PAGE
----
Two pages, on "Undershaw, Hindhead, Haslemere" stationery. No date, but "Rec'd 10 Mar 1902" is penciled in.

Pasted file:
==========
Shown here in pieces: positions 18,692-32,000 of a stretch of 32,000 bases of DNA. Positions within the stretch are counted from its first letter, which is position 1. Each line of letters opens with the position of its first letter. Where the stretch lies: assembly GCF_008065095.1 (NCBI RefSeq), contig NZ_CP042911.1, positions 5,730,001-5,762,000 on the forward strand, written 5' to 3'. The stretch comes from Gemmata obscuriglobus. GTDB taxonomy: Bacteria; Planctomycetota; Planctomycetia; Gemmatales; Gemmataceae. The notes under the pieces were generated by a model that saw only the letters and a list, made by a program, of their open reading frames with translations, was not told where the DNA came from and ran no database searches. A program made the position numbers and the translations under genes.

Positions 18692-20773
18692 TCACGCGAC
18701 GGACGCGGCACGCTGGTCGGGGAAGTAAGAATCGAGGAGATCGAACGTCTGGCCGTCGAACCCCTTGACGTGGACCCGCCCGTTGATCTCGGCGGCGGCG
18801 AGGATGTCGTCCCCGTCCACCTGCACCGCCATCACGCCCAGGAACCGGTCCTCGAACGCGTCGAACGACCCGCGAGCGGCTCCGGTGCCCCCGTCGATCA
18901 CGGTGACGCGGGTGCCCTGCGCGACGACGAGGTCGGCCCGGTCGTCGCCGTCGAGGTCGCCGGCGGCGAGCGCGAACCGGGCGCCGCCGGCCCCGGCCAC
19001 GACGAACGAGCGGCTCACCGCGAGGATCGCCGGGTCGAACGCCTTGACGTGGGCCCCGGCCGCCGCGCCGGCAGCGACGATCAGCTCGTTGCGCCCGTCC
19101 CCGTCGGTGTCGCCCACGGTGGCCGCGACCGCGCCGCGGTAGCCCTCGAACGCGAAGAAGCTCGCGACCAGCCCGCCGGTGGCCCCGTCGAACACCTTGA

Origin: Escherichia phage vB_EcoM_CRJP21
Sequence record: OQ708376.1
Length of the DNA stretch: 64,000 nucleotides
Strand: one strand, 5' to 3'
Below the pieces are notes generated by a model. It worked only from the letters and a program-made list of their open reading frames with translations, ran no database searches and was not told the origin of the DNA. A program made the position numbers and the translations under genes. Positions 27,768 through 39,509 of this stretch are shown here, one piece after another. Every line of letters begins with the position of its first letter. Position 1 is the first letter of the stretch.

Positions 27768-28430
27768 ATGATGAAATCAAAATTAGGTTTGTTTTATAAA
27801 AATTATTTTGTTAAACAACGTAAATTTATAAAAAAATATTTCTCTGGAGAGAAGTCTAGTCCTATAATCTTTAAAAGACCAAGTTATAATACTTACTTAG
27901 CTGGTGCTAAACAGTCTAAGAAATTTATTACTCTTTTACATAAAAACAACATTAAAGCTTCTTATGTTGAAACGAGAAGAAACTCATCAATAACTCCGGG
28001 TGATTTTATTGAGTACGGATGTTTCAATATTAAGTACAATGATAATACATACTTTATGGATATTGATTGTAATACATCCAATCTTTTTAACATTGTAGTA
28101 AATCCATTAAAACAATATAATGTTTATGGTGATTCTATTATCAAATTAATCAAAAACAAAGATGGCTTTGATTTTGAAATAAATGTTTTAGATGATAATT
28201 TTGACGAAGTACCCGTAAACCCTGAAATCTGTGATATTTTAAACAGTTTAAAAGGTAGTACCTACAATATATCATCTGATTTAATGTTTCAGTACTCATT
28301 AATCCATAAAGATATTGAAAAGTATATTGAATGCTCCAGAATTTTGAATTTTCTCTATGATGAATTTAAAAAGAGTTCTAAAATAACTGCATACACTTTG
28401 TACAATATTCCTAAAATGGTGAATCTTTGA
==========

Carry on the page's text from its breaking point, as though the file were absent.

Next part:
The text of the letter reads:~I will call about quarter to 11 on Tuesday morning if that will not be too early. If you should be a little late I can no doubt get some news from Mr. Howard.~The American Edition is out.~I had a letter from Holtermann complaining that he had had no proofs for 8 days. I therefore sent a stimulating wire to Bloch.~A very excellent German book "Recht und Unrecht im Boerenkrieg" by one Hirtz [sic] published by Dr. Edelheim, Berlin W. has just come into my hands. It is very good & seems cheap. I have written to the publishers to find the price if bought by the hundred. I thought that we might possibly care to send out a few hundred of them, if none have been sent out, for we should make more sure of our bird if we had two barrels. I have asked Angst if he would like a hundred.~Angst wants a recent Edition.~I wish you too would have a dozen copies sent to my brother in South Africa. Capt Hay Doyle, 79th Battery, Harrismith.~I shall be in London from Tuesday till Friday.~Yours ever~ACD. [P.S.] Half a dozen copies sent to the OC [Officers' Club?] at [Doyle lists 13 overseas locations with a British military presence, mostly in South Africa but also Belfast] would be very well spent.~"Smith" was Reginald J. Smith, who in 1899 had become head of the publishing firm Smith, Elder & Co.-- founded two generations earlier by George Smith, in 1816.~The book Doyle initially refers to ("The American edition is out") was his sixpenny propaganda monograph THE WAR IN SOUTH AFRICA: ITS CAUSE AND CONDUCT, with facts distilled from his lengthy 1900 book THE GREAT BOER WAR, but adding Doyle's "apologia" [Pearsall] for some of the British conduct since then -- such as concentration camps and dum-dum bullets. Smith Elder's London edition had come out in mid-January (250,000 copies, plus a second printing of 50,000 more in mid-February), and McClure Phillips's American edition (50,000) came out in March. Profits from the booklet went to a variety of charitable causes; the booklet was partly responsible for the offer of a knighthood, which the author accepted.~"Mr. Howard" was the employee at Smith Elder who arranged the many translations of this book; Green & Gibson cites fifteen such translations, including Russian, Hungarian, Tamil and braille.~The German book which is the focus of much of the letter was (translated) RIGHT AND WRONG IN THE BOER WAR by then-23-year-old Friederich Hertz, published by Edelheim in Berlin in 1902 and which "earned him the thanks of Sir Arthur Conan Doyle" [Foreign Affairs, July 1919]. Hertz, who went on to write RACE AND CULTURE in 1904, was an Austrian who was a staunch opponent of German imperialism and militarism -- hence Doyle's appreciation. Though Hertz would serve in the Austro-Hungarian army in the Great War, during the 1930s he would flee first to Vienna and then (in 1938, under attack from the Nazis for his publications on race and nationality) with his family to London -- where in 1946 he would become a British citizen.~One last note: "Captain Hay Doyle," known as "Duff," was Doyle's 14-years-younger brother John Francis Innes Hay Doyle; he survived service in China in 1900 and South Africa in 1902, and would survive the Great War -- only to die in February 1919 in the Spanish Flu epidemic (mere weeks after ACD's son Kingsley, of the same cause).~The letter is in fine condition (just a little light foxing); the use of his initials, rather than full signature, is an indication of how close Doyle and Smith were. Item #13905